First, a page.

WASHINGTON, D.C. - Congress has a few short weeks to approve major spending bills to avoid a government shutdown. But a handful of House republicans are threatening they will hold up votes on those bills unless their demands are met. They want congress to spend less than the levels agreed on from the debt ceiling agreement the President made with the Speaker of the House. If members can’t approve these bills, here could be a government shutdown later down the road. 

About 21 conservative republicans sent a letter to Speaker of the House Kevin McCarthy (R- CA). In this letter they say they plan to vote against any appropriations bills designed to achieve the approximately $1.5- trillion dollar top line spending level. Instead, they’re demanding to slash that number closer to $1.47-trillion dollars.  

They add that without getting to that reduced spending level and/or achieving significant policy victories like forcing President Biden to sign a bill that makes changes to immigration law, they said “we see an impossible path” to reach enough republican votes on appropriations or other measures.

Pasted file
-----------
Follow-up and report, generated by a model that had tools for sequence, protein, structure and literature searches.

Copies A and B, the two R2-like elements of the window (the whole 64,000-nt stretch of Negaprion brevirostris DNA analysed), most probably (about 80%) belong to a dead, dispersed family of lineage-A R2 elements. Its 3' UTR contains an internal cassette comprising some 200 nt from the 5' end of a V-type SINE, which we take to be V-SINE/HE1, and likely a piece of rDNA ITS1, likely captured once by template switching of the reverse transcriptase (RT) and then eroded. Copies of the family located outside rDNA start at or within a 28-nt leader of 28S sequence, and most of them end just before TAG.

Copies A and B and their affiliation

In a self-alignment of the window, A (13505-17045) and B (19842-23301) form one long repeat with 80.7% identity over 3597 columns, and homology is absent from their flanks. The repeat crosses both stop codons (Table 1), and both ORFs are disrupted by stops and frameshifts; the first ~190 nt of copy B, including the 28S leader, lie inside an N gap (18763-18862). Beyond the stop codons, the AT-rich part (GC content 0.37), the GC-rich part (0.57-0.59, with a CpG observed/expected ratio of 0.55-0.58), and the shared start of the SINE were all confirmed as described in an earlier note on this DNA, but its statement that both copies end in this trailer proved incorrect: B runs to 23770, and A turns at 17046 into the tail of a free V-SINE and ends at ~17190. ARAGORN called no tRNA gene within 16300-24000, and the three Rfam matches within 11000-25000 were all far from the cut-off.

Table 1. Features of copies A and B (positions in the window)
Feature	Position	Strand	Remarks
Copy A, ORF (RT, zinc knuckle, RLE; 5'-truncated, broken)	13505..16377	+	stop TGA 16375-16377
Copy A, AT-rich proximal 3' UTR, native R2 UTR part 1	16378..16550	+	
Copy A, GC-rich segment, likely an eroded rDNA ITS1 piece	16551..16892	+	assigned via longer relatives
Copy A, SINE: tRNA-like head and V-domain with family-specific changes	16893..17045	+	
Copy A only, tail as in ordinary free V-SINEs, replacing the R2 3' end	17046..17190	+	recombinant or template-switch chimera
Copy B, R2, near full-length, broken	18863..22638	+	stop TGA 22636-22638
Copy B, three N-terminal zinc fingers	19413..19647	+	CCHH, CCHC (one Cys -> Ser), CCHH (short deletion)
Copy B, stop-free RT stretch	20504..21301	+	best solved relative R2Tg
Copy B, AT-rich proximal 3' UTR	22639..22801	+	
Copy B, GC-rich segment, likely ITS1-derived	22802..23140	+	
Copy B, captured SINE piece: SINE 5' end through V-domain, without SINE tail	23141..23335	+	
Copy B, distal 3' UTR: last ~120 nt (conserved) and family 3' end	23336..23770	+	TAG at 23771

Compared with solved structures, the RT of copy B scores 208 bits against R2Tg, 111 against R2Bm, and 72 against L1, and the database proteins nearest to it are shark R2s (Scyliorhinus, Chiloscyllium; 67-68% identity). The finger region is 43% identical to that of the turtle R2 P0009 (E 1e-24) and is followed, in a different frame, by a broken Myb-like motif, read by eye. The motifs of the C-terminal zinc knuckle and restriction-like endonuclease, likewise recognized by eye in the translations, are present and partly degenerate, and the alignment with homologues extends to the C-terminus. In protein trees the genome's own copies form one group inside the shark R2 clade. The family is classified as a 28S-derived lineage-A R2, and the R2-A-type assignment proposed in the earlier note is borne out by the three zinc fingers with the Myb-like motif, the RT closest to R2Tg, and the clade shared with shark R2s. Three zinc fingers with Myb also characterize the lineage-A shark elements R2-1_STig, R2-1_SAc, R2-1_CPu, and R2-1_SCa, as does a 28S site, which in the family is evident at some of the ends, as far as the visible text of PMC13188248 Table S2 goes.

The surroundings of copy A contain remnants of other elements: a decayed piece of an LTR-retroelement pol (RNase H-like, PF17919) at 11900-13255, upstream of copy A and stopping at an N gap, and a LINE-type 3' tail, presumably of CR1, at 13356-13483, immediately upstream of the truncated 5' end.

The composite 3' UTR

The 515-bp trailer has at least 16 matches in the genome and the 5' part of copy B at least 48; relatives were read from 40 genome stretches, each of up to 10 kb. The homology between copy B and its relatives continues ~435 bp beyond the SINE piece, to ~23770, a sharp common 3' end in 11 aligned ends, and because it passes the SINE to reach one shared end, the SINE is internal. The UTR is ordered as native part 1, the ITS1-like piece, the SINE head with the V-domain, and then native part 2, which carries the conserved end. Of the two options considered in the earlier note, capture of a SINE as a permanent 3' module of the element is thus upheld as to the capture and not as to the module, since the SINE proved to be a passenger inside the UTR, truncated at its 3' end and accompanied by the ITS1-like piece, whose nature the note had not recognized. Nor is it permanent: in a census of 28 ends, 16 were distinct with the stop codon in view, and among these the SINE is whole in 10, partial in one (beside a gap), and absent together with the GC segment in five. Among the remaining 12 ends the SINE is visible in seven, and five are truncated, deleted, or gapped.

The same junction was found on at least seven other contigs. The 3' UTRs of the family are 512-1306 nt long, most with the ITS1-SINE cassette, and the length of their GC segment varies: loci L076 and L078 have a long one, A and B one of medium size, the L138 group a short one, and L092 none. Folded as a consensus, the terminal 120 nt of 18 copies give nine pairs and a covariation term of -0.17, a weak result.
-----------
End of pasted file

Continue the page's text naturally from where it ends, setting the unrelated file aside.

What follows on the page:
Republicans have a narrow majority margin in the House. With this slim majority, they need all the votes they can get to push legislation through. In June, we saw how just a dozen of republicans were able to keep legislation on the floor. Our congressional members we spoke with said they wish this kind of intraparty fighting would be kept behind closed doors and away from the House floor.  

Senate Majority Leader Chuck Schumer (D- NY) was asked about the impact this potential rift could have in the House on major bills like the government funding legislation and the National Defense Authorization Act which makes investments in our military. Here’s what he had to say:  

“I would hope that House republicans do what we’re doing in the Senate and trying to work it out in a bipartisan way,” said Sen. Schumer. “Two of the most important bills we face this year, the appropriations bill and the NDAA bill are proceeding in a very good bipartisan way over here and the House ought to learn from that example.”  

Congress will break for recess all of August and most of these appropriation bills need to be finalized before October. Any hold ups could threaten a potential government shutdown.